• $\begingroup$ "Editor" badges are awarded for a certain no. of edited posts. That's why I thought so. And @G.Smith, in my opinion, these sites are even better than Wikipedia. The answers here are curated according to the OP's question. Wikipedia, on the other hand, seems nothing less than a textbook. $\endgroup$
    – Wonder
    Sep 16, 2020 at 16:54
  • 2
    $\begingroup$ Anyone who edits for the glory of an Editor badge has an interesting notion of glory. I think most editors edit out of an altruistic desire to improve the quality of the site. It takes valuable time which would be better spent on answering questions. But without editing the site would be unbearable in my opinion. $\endgroup$
    – G. Smith
    Sep 16, 2020 at 17:01
  • 2
    $\begingroup$ @ShaonaBose At least from what I can tell, most users who edit posts continue editing after they get their badges. And even if that is their motivation, edits still improve the site quality. Who cares what the motivation behind the editing is? As long as they are valid edits, they improve the site quality. $\endgroup$ Sep 16, 2020 at 17:03
  • $\begingroup$ Proper English = Old English. Immigrants from Scandinavia who couldn't bother to learn proper Old English grammar changed Old English to Middle English. $\endgroup$ Sep 18, 2020 at 18:22

2 Answers 2


The aim of this site (or least the original aim) is to be an authoritative source of information about physics. That is, anyone with a question about physics can search this site and either find an authoritative answer or ask a new question and hopefully receive an authoritative answer. And I think this has worked well. The quality of many of the answers on this site astounds me and I have benefited enormously from my association with it.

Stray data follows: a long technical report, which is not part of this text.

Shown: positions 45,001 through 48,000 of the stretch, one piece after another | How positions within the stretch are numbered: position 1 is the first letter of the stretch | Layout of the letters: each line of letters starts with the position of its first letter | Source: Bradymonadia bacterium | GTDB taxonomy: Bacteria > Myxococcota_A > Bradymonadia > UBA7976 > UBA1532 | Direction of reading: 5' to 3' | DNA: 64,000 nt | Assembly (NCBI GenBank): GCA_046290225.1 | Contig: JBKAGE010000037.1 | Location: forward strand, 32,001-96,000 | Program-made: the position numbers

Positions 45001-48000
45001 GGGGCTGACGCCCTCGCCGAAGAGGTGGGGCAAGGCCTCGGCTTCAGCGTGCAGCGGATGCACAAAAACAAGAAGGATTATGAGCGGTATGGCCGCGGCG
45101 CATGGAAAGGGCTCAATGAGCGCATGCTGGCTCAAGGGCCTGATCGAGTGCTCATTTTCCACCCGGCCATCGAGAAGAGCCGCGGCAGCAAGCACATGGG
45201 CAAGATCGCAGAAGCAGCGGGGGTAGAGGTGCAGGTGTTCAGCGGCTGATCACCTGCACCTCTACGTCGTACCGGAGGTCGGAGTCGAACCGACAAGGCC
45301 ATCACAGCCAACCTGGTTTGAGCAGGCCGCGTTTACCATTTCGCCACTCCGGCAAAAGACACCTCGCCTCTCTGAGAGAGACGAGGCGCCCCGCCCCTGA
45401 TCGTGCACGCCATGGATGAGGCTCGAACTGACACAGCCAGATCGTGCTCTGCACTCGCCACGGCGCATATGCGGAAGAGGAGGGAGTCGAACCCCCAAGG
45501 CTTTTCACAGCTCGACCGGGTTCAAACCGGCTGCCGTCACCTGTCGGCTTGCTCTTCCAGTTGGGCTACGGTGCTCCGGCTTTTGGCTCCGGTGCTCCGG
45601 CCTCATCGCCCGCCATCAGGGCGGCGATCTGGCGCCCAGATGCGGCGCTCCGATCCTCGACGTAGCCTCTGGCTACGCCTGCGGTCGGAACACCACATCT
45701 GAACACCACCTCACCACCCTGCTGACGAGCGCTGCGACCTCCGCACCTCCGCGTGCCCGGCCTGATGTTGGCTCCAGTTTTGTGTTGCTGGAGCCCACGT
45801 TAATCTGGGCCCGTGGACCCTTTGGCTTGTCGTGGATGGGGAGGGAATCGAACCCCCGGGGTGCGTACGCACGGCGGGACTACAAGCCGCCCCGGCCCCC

So my view is that it's the question that matters. If someone asks a good question that will attract good answers, but the question is badly or even carelessly written, then we should all make the effort to edit it into shape. I admit it can be a little galling that a lazy OP will then get upvotes as a result of our work, but in the end everyone benefits so it's worth the effort.

That said, I very rarely see questions that I think are good, but have been carelessly written, and if the question isn't worth the effort I will downvote and move on. But I will be downvoting the question, not the effort the OP put in to writing the question.

  • 4
    $\begingroup$ Indeed, I think there is quite some correlation between people who put little effort in the content and in the form of the question. So I think there is a correlation between bad form (not only bad English - walls of text has nothing to do with English) and bad content, but it is not because of the bad English those questions are bad. $\endgroup$ Sep 6, 2020 at 11:41
  • $\begingroup$ Furthermore, I think nobody likes being corrected (even if one appreciates the feedback). Everyone likes to be absolutely right straight away. So there is an incentive for people to keep improving their writing even if there is no explicit penalty, just for the pride of being in command of the language and appearing neat. Perhaps such an incentive is enough. $\endgroup$ Sep 7, 2020 at 8:17
  • $\begingroup$ @GuillermoBCN People who are seeking answers to problems in Physics are hardly to get triggered by such incentives. $\endgroup$
    – Wonder
    Sep 16, 2020 at 16:43

The tooltip on the downvote button is "this question does not show any research effort; it is unclear or not useful", which I think is a good description of what we should be using the downvote button for. And I do believe that it's possible for bad writing to make a question not useful, if the writing severely interferes with understanding it. In those cases, I'd say that downvoting is an appropriate response, although I think such a question would probably also qualify for the "needs details or clarity" close reason, and that's probably a better response because it more directly pushes the question to be edited.

That being said, there are a lot of questions that have some problems of spelling, grammar, formatting, etc. but they're not so bad that they make it difficult to understand the question. In those cases, downvoting is allowed but is probably not all that useful, unless you also leave a comment about the issues. The ideal thing to do, of course, is to edit to fix the issues, but if you don't want to or don't have time to edit, it might be best to just ignore it and move on. (If you would have upvoted the question if it were properly written, then declining to upvote is also an acceptable response.)